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Mortgage Lenders Trying to Trick Renters of Foreclosed Homes With Illegal Eviction Notices

September 7, 2009

As Azusa loan modification attorneys, we were disgusted but not surprised recently to see evidence that some mortgage lenders are willing to break the law to evict renters whose landlords have gone into foreclosure. An Aug. 28 blog post on, written by an employee of the nonprofit Texas RioGrande Legal Aid, says that at least some renters have received a letter that appears to evict them because of the landlord's foreclosure. The only trouble for the lender is that this is illegal under a new federal law, the Protecting Tenants at Foreclosure Act of 2009. Under that law, tenants have the right to 90 days' notice or more before they're evicted, unless the new owner wants to live in the home.

A letter (PDF) posted by the ForeclosureBuzz blog suggests otherwise. The author scanned in an actual letter sent by a law firm to a home in an Austin, Texas suburb. The letter demands that the tenants vacate within three days of receiving the notice. If they do not, it says, the law firm that sent the letter will sue the tenant for eviction within 10 days. These provisions are in addition to large type appearing on the cover page warning tenants that the law firm is a debt collector, and that any information the tenant provides will be used to collect that debt. The letter does eventually mention the tenants' rights under the Protecting Tenants at Foreclosure Act, but only near the end and in small type. Furthermore, it falsely says tenants must show evidence of their tenancy within 10 days of receiving the notice or face a lawsuit for eviction.

Of course, people who buy properties at auction don't necessarily know whether the people occupying the homes are tenants or the foreclosed owners themselves. But as the ForeclosureBuzz blogger points out, letters like these should clearly spell out that tenants and former owners have different rights. As things stand, our Rosemead loan modification attorneys believe this letter may have been intentionally designed to trick renters into vacating the property. The average non-lawyer is simply not equipped to sort through the legalese, contradictory information and small type that appears in this letter. Someone without the patience or legal knowledge to correctly interpret the letter could easily be panicked into spending unnecessary time and money avoiding the threat of an eviction that would not be legal.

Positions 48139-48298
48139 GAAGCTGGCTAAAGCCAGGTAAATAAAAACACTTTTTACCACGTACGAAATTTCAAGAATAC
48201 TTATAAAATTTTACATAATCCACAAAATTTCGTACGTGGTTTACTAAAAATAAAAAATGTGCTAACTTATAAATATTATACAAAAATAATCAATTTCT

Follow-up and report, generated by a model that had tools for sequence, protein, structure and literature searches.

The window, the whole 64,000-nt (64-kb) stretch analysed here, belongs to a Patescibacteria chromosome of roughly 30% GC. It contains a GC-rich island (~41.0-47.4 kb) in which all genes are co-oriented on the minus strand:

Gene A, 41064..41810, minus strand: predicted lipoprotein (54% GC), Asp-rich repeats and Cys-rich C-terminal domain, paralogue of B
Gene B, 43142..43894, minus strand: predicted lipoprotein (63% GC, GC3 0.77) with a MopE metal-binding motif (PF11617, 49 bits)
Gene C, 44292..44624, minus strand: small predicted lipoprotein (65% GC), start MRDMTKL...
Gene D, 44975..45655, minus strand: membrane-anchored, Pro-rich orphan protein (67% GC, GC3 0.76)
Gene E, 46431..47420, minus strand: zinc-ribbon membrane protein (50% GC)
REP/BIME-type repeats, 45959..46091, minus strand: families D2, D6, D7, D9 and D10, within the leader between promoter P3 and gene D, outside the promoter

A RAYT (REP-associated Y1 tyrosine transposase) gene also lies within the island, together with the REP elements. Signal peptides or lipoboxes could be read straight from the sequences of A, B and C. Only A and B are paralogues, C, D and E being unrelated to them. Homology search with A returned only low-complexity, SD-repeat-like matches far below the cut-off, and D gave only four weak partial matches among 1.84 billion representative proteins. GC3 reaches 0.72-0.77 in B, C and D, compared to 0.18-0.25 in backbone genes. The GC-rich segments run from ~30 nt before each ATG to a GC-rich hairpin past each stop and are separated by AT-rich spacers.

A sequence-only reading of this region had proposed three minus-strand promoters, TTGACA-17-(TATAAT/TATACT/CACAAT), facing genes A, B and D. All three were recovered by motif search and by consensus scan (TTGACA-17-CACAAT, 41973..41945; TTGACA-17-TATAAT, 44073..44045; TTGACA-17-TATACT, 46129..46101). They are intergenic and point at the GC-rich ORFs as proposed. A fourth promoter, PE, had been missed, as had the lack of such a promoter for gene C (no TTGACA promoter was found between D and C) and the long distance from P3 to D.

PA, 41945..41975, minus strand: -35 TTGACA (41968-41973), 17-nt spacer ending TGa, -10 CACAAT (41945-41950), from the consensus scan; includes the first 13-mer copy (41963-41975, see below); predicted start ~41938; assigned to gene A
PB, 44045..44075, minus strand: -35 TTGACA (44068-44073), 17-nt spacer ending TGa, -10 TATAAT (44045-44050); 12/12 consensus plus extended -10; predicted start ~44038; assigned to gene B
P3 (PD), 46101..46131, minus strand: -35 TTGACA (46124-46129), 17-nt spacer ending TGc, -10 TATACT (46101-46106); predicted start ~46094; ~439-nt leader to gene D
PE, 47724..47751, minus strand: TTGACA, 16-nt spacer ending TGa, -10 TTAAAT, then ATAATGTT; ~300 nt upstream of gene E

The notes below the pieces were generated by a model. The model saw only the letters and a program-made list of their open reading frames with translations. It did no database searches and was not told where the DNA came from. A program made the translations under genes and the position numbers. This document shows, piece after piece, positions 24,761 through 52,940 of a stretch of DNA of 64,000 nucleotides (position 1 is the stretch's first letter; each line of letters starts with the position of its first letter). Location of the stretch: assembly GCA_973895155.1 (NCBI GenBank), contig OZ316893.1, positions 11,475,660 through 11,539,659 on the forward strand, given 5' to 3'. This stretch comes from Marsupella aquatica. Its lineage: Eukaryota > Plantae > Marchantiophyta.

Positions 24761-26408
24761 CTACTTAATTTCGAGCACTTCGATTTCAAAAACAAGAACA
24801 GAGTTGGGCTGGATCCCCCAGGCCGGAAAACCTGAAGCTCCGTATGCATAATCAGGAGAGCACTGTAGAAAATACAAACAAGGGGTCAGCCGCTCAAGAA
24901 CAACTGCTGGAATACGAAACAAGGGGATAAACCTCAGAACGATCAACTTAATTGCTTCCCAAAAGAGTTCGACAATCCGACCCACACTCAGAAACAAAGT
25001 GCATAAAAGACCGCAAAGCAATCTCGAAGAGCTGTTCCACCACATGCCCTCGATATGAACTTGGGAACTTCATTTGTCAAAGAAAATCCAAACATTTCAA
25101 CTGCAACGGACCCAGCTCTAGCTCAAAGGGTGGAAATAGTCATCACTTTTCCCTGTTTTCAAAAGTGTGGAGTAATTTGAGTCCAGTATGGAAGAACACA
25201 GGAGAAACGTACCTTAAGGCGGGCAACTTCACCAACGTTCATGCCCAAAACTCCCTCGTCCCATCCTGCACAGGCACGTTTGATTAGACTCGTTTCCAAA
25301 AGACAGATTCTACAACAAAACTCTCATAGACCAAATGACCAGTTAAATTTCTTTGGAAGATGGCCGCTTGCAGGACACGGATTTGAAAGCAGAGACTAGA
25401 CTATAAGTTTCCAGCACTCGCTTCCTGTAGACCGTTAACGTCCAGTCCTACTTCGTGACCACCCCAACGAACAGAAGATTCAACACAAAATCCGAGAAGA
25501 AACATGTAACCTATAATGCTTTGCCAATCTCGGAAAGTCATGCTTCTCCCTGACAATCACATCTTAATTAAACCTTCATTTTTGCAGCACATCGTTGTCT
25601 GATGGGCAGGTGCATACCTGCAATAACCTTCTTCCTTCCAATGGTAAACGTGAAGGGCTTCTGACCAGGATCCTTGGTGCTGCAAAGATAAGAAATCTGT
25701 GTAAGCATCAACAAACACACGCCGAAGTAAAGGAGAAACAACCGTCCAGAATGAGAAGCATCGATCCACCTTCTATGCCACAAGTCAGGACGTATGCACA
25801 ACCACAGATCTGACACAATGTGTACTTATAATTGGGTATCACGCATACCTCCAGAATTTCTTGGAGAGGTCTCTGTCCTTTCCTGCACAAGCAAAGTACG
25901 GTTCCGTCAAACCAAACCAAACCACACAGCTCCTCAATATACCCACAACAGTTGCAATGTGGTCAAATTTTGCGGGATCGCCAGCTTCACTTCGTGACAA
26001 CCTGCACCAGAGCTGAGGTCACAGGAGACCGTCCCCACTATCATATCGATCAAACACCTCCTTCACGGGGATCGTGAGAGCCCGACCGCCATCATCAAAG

Howard Law LLP represents clients who are trying to avoid the threat of foreclosure and eviction by fighting for a real, sustainable loan modification. Over the months of the foreclosure crisis, we've helped hundreds of California homeowners fight back against lenders that won't answer phone calls, continually lose paperwork or incorrectly and illegally deny loan modifications. Our Valencia loan modification attorneys can get lenders' attention even when our clients have been unsuccessful because we know our clients' rights -- and we are more than happy to file a lawsuit if we have evidence that those rights have been violated. We work hard to leave clients with loan modifications that actually lower their payments, so they can stay in their homes for good.

If your lender won't respond or treat you fairly when you request a loan modification, you should call Howard Law as soon as possible. You can learn more about your options at a free, confidential consultation by calling us at 1-800-872-5925 or contacting us through our Web site.